The Summer School on Socioeconomic Inequality provides a state-of-the-art overview of the study of inequality and human flourishing. Through rigorous lectures, students are also exposed to the tools needed to study inequality. These tools are are particularly important because the integration of psychological and sociological insights into the foundations of human behavior into conventional economic models requires new methods.

During this intense program, students attended lectures, engaged in discussions with leading faculty, presented their own research, and interacted with peers.

Students were selected from a diverse, competitive applicant pool and represent many disciplines including: economics, public policy, sociology, social thought, and social work. Faculty was selected by SSSI directors from the fields of economics, finance, statistics, and sociology.

The summer schoolwas open to Ph.D. candidates from around the world.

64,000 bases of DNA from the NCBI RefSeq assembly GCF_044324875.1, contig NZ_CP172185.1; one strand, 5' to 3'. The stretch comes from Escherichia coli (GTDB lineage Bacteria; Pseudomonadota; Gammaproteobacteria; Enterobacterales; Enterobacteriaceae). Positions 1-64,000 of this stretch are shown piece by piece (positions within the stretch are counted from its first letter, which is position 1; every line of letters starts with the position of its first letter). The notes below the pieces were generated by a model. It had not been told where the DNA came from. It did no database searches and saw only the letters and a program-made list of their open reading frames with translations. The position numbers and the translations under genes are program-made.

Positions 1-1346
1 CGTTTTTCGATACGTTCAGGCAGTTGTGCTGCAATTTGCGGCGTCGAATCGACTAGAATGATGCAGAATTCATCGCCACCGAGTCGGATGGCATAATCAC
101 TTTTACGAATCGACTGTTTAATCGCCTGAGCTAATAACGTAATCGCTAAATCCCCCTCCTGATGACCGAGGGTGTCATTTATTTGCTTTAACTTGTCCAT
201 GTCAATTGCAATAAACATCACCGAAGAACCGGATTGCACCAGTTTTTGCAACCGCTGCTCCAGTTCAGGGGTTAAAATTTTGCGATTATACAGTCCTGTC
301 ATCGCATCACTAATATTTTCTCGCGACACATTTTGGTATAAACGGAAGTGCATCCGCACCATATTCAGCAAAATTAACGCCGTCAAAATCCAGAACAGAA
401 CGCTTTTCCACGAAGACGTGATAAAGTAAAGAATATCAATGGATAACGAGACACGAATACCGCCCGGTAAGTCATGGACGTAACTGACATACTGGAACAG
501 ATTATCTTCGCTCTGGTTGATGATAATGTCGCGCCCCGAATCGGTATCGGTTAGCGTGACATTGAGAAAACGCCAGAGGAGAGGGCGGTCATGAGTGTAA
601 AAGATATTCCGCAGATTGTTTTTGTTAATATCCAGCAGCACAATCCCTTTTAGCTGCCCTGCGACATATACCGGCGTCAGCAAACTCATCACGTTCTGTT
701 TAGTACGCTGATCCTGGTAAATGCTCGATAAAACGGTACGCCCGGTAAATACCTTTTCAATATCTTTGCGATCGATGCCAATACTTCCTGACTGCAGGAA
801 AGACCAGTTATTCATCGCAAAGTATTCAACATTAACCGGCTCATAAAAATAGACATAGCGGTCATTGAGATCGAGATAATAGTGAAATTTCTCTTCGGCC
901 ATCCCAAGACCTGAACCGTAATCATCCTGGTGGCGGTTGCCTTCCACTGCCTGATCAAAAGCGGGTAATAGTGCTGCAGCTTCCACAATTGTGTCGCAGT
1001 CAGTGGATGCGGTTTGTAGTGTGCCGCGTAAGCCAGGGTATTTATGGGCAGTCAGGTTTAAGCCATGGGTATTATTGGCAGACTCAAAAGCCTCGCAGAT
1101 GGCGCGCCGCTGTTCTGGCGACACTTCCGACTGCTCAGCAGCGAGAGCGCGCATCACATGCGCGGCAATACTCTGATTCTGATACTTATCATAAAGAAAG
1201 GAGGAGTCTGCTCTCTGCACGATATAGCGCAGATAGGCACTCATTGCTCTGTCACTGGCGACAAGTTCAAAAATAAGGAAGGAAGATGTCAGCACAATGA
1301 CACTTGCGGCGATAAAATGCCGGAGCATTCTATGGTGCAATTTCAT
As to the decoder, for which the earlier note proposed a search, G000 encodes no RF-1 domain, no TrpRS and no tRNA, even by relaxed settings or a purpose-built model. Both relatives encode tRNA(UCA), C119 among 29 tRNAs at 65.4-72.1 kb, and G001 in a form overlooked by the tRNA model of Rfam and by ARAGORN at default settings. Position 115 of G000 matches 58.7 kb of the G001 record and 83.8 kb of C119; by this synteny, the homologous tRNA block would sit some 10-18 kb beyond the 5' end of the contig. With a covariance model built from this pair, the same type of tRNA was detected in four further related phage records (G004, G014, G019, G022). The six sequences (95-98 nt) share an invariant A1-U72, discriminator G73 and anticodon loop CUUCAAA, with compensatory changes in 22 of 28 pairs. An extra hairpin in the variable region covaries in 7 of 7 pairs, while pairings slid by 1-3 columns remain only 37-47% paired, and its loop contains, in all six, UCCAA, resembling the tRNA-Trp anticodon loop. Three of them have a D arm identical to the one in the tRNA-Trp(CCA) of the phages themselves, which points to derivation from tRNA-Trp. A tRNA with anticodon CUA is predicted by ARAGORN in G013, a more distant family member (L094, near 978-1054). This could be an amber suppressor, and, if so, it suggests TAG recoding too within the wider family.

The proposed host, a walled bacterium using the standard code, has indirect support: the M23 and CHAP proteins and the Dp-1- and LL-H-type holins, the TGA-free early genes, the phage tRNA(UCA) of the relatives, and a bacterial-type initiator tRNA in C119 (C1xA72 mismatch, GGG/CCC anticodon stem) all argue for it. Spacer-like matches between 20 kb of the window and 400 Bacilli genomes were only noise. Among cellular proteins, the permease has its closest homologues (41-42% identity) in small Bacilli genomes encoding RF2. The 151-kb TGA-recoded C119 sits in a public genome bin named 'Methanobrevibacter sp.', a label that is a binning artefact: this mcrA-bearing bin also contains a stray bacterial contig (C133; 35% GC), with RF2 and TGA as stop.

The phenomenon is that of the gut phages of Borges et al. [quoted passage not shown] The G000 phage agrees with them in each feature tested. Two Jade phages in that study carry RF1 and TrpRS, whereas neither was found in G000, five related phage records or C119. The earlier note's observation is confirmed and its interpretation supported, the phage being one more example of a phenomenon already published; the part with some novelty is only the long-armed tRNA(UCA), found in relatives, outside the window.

Lecturers and Topics

Martha Bailey, University of Michigan: Gender and Inequality
Lawrence Blume, Cornell University: Social Networks
Flavio Cunha, Rice University: Early Childhood Investments
Manasi Deshpande, MIT: Does Welfare Inhibit Success?
Steven N. Durlauf, University of Wisconsin–Madison:  Genes and Socioeconomic Outcomes
Nathaniel Hendren, Harvard University: Inequality, Mobility and the Welfare Analysis of Redistributive Policies
Scott Duke Kominers, Harvard University: Market Design Approaches to Inequality
Jeffrey Smith, University of Michigan: Program Evaluation
Christopher Taber, University of Wisconsin–Madison: Estimation of Policy Counterfactuals